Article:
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Negative Space Music


Moritz von Oswald’s Silencio

Moritz von Oswald’s new solo album Silencio takes his signature restraint in a strikingly different direction.

Moritz von Oswald (R) and Juan Atkins.

The title track starts things off slowly, like a match struggling to stay alight in the wind. But forty seconds into the second number, “Luminoso”, everything changes.

We hear voices. Many voices. But not the sort found on the remarkable records von Oswald released with Rhythm & Sound in the early 2000s. “Luminoso” sounds nothing like reggae.

This is choral music in the mode of avant-garde classical compositions, seamlessly blended to serve a disquieting end.

While only some of Silencio’s eleven tracks include these voices, the memory of them haunts the album’s instrumental passages.

The effect is similar to the dissonantly angelic choir in Jürgen Knieper’s score for the 1987 Wim Wenders film Wings of Desire.

What motivated the legendary Berlin producer to try this approach?

Part of it, I imagine, had to do with frustration at how his previous work has been pigeonholed.

Despite the crucial role that he and his creative partner Mark Ernestus played in the development of minimal techno and dub, they clearly saw this work as part of a larger project, not reducible to any particular genre.

From that perspective, releasing an album like Silencio makes a great deal of sense.

Not only does Silencio ensure that we will hear von Oswald’s future work with more finely tuned ears, it also invites us to revise our understanding of the records that came before.

People who normally look down upon popular music will have a hard time rejecting the work of Basic Channel or Rhythm & Sound once they realise that it was made by artists who could have opted for a less accessible approach.

It also helps that von Oswald underscores his indebtedness to dub reggae by including remixes of some tracks, ones he labels with the reggae term “version”.

Indeed, in the case of “Volta”, the version precedes the standard.

Superimposing this term on music that initially seems better suited to classical nomenclature is quite a flex.

Indeed, Silencio is hard to categorise.

Would someone listening to it blind discern a connection with other von Oswald projects, such as Rhythm & Sound and Basic Channel?

I’m not so sure.

What is certain is that once Silencio’s creator is known, figuring out the record’s relationship to those projects becomes a crucial component of the listening experience.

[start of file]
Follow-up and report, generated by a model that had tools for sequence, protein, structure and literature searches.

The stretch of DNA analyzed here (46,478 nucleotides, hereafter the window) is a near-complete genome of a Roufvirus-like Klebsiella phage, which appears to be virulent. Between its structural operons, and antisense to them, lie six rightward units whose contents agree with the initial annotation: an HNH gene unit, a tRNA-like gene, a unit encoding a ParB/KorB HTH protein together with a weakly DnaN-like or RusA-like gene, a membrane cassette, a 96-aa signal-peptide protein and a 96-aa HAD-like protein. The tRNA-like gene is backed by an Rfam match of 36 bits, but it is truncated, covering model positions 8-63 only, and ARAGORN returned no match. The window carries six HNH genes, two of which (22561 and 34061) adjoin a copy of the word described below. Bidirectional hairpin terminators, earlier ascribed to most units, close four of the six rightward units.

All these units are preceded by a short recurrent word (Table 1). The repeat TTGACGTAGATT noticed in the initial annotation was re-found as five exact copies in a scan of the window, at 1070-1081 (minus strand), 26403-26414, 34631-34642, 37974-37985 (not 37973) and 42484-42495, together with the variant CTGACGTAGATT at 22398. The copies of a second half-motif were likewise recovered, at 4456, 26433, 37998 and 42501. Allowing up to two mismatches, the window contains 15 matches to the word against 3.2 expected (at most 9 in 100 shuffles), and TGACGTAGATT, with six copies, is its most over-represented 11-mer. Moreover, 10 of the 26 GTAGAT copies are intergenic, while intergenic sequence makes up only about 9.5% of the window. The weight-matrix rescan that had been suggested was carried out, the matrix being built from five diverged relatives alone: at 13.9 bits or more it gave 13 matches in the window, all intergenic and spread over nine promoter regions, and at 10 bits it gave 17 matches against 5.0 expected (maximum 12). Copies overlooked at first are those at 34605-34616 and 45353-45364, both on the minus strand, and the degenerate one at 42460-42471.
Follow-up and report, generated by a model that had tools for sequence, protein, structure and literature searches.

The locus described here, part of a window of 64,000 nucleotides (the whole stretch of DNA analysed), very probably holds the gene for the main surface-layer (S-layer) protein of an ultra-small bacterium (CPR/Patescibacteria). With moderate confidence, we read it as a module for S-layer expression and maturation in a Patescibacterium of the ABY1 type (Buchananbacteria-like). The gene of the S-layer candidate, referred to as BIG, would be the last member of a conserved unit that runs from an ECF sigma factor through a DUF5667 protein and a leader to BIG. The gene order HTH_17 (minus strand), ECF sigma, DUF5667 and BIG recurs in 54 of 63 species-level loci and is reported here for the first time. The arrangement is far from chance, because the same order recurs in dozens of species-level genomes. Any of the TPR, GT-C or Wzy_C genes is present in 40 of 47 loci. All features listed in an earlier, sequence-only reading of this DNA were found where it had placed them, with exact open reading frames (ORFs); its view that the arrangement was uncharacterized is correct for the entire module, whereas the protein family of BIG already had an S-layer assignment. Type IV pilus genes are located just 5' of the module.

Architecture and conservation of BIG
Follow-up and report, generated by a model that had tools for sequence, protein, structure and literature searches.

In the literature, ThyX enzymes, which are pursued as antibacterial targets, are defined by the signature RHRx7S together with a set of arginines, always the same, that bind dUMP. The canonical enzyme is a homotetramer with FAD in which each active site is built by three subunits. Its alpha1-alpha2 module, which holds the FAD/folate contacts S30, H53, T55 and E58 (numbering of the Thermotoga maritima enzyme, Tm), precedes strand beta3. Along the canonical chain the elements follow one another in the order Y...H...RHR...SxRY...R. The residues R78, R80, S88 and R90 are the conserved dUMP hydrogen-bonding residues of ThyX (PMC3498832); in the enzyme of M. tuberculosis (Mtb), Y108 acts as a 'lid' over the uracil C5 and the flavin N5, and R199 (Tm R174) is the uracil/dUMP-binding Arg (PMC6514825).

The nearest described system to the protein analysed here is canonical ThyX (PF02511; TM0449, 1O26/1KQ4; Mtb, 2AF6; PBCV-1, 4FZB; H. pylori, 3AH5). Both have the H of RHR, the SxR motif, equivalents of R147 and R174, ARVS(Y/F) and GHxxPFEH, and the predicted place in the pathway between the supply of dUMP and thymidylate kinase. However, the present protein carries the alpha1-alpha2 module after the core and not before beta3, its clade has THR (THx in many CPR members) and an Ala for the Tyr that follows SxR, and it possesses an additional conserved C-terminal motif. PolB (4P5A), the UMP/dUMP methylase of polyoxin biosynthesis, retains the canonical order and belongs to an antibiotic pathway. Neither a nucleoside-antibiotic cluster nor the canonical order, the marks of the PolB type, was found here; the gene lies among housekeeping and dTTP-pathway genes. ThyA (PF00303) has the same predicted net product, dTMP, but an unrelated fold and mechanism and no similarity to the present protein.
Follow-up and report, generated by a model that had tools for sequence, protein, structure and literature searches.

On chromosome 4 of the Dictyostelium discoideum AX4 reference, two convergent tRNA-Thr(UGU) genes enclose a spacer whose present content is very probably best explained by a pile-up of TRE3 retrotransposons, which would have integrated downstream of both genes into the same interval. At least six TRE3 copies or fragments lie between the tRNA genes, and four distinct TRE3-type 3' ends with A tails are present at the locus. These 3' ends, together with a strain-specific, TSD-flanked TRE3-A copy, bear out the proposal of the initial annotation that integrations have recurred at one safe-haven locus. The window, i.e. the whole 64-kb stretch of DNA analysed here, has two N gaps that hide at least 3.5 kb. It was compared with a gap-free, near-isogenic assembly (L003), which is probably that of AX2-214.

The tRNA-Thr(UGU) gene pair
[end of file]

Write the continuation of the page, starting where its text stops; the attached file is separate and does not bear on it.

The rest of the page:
Silencio lacks the pared-down, pulsing beats that made the Rhythm & Sound records a crucial touchstone of the dub aesthetic, particularly in post-Cold War club music.

Nor does it feature the crackling neo-Kraftwerk textures that distinguish Basic Channel’s work of the 1990s from the mainstream electronica of that era.

But the longer you hear Silencio, the more complicated these absences seem.

Amid the languid waves of sound, I began to hear what wasn’t there almost as clearly as what was: the heartbeat of Basic Channel’s “Quadrant Dub”, Paul St. Hilaire’s voice echoing through the chambers of Rhythm & Sound’s “King in My Empire”.

Despite the superficial differences between Moritz von Oswald’s projects, they share a roominess. It never feels like he’s trying to pack sound into a tight space.

On the contrary, the challenge is to prevent it from disappearing into the ether.

That’s always been one of the biggest projects of dub – to incorporate silence into music without giving in to it completely. Hence, the title of von Oswald’s record.

But there’s another side to it.

After I listened to Silencio several times in a row, I thought I might be hallucinating.

Could there be a structural relationship between the album and von Oswald’s more rhythmic-oriented recordings?

Strange as this may seem, I began to perceive Silencio as representing their negative space. Almost as though he was sampling it and using it as a jumping-off point.

To be precise, these were the previously inaudible sounds that had held those records in place. And those recordings, in turn, were retroactively transformed into the negative space of Silencio.

To put this another way, by demonstrating that von Oswald could have made different compositional decisions in the past, the album gives his entire oeuvre a substantial makeover.

If Moritz von Oswald goes on to make another record in a techno or dub vein, we will know that he did it because he wanted to, not because he had to.

In the meantime, what we have is an album that is their logical aesthetic consequence, that’s both neither and all of the above.

I can’t think of a more difficult artistic thing to do, especially given the temptation such successful producers face to repeat themselves.

Particularly coming from someone who was in a band like Rhythm & Sound, which inspired legions of imitators.

Silencio avoids that repetition but quickly reminds you of what it could have been – and still might be.

Photograph courtesy of Merlijn Hoek. Published under a Creative Commons license.